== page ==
The Burned Earth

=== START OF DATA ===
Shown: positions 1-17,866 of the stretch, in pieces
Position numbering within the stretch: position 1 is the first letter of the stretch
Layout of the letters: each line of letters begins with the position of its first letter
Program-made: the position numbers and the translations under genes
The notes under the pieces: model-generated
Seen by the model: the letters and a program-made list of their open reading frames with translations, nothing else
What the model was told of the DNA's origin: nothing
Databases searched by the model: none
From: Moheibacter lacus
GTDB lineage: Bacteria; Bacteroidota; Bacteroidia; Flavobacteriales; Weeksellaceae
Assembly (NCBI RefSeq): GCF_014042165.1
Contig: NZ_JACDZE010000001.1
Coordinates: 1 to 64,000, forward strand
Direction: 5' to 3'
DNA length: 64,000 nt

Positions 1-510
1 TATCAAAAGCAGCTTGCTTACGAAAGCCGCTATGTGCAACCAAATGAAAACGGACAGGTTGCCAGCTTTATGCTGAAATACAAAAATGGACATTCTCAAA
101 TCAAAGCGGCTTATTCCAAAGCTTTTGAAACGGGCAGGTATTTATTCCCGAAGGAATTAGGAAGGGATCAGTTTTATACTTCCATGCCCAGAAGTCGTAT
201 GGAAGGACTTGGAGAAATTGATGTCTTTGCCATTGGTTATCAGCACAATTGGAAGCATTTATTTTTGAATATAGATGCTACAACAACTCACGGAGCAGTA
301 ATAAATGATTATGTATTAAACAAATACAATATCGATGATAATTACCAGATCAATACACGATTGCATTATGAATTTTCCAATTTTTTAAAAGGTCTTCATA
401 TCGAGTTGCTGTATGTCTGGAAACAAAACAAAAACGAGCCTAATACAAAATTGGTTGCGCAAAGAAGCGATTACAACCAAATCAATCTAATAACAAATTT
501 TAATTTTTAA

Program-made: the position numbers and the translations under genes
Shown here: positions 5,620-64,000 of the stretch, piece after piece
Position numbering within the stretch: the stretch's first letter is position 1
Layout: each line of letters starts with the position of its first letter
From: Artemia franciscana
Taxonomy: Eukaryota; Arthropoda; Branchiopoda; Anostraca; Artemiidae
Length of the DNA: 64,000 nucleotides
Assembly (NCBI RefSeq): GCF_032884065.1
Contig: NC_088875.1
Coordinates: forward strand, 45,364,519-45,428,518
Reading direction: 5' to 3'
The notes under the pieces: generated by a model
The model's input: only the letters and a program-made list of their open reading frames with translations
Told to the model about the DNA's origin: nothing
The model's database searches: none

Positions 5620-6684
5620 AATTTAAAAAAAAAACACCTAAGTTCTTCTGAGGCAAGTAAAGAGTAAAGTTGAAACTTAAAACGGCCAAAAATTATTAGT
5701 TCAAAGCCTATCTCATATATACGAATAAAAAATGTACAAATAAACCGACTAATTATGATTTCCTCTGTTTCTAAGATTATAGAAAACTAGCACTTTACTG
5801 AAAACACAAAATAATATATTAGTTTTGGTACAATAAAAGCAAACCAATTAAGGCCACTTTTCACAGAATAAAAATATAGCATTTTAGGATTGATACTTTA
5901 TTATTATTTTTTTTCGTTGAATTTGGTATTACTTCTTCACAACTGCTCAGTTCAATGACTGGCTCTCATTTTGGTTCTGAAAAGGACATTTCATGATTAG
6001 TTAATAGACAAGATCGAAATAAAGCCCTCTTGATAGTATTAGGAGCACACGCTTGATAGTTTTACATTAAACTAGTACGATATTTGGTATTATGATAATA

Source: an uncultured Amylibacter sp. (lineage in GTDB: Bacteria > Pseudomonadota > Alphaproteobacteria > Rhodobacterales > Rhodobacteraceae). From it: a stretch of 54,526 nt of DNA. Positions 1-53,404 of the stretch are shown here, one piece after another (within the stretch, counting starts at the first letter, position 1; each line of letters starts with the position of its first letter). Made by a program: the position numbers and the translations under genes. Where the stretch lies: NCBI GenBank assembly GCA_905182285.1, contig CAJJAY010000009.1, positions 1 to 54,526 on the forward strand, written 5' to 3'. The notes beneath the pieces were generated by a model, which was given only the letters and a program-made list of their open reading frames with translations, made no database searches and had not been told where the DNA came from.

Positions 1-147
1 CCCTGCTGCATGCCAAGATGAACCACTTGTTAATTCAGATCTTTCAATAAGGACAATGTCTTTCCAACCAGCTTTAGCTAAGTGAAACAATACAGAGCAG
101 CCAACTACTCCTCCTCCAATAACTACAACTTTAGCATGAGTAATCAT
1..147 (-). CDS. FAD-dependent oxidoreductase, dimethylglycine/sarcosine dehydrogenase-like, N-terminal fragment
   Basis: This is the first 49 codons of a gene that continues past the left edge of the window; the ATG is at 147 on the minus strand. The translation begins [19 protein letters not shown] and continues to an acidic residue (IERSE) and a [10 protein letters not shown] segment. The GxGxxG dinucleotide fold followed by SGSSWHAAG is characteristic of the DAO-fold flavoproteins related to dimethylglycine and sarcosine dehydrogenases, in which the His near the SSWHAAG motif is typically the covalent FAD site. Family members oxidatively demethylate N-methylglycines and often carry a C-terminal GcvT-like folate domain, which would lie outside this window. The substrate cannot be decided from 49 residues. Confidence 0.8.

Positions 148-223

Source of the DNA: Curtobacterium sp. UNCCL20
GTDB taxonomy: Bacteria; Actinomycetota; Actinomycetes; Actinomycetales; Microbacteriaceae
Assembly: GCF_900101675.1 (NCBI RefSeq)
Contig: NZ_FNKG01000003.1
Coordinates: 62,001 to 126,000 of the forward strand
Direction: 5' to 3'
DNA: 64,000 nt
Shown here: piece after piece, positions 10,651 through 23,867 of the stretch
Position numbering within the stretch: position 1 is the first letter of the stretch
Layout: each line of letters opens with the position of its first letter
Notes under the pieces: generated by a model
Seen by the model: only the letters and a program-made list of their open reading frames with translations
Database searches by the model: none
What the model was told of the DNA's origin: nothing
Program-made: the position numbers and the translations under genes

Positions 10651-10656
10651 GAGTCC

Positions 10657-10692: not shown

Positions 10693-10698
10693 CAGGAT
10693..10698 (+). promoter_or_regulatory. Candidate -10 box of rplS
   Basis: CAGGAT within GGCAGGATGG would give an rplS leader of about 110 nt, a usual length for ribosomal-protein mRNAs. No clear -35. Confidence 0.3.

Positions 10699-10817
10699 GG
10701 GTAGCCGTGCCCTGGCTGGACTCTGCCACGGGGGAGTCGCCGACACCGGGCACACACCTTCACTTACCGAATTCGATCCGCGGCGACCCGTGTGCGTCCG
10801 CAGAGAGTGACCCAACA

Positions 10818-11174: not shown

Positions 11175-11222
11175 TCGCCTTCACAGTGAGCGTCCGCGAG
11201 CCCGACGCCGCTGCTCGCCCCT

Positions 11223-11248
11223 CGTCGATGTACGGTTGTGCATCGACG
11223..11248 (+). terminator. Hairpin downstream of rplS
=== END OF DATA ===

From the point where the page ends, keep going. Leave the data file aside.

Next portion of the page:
The term “burned earth” finds its roots in an ancient military strategy of destroying your enemy’s crops by setting them ablaze, of torching their homes and food stores, defeating them not by direct warfare but by an ever tightening stranglehold—starving them out, breaking their will. In recent years in Egypt, the age-old term was repurposed to describe the unfair—and often random—arrest and mistreatment of citizens by the military in an effort to instill fear in the populace. The technique was central to the Emergency Law Campaign, enacted during the rule of ousted president, Hosni Mubarak. When President Anwar Sadat was assassinated in 1981 by members of his own military, who opposed his signing of the Israeli Peace Accord, Vice President Hosni Mubarak was sworn into power. He immediately invoked a State of Emergency— one that was never lifted during his thirty-year rule. Habib el-Adly, Mubarak’s Minister of the Interior beginning in 1997, masterminded the extension of the Emergency Law to include regular use of kidnappings, prolonged detainment without trial, rapes, torture, and execution, with the justification that such techniques produced intelligence about state enemies.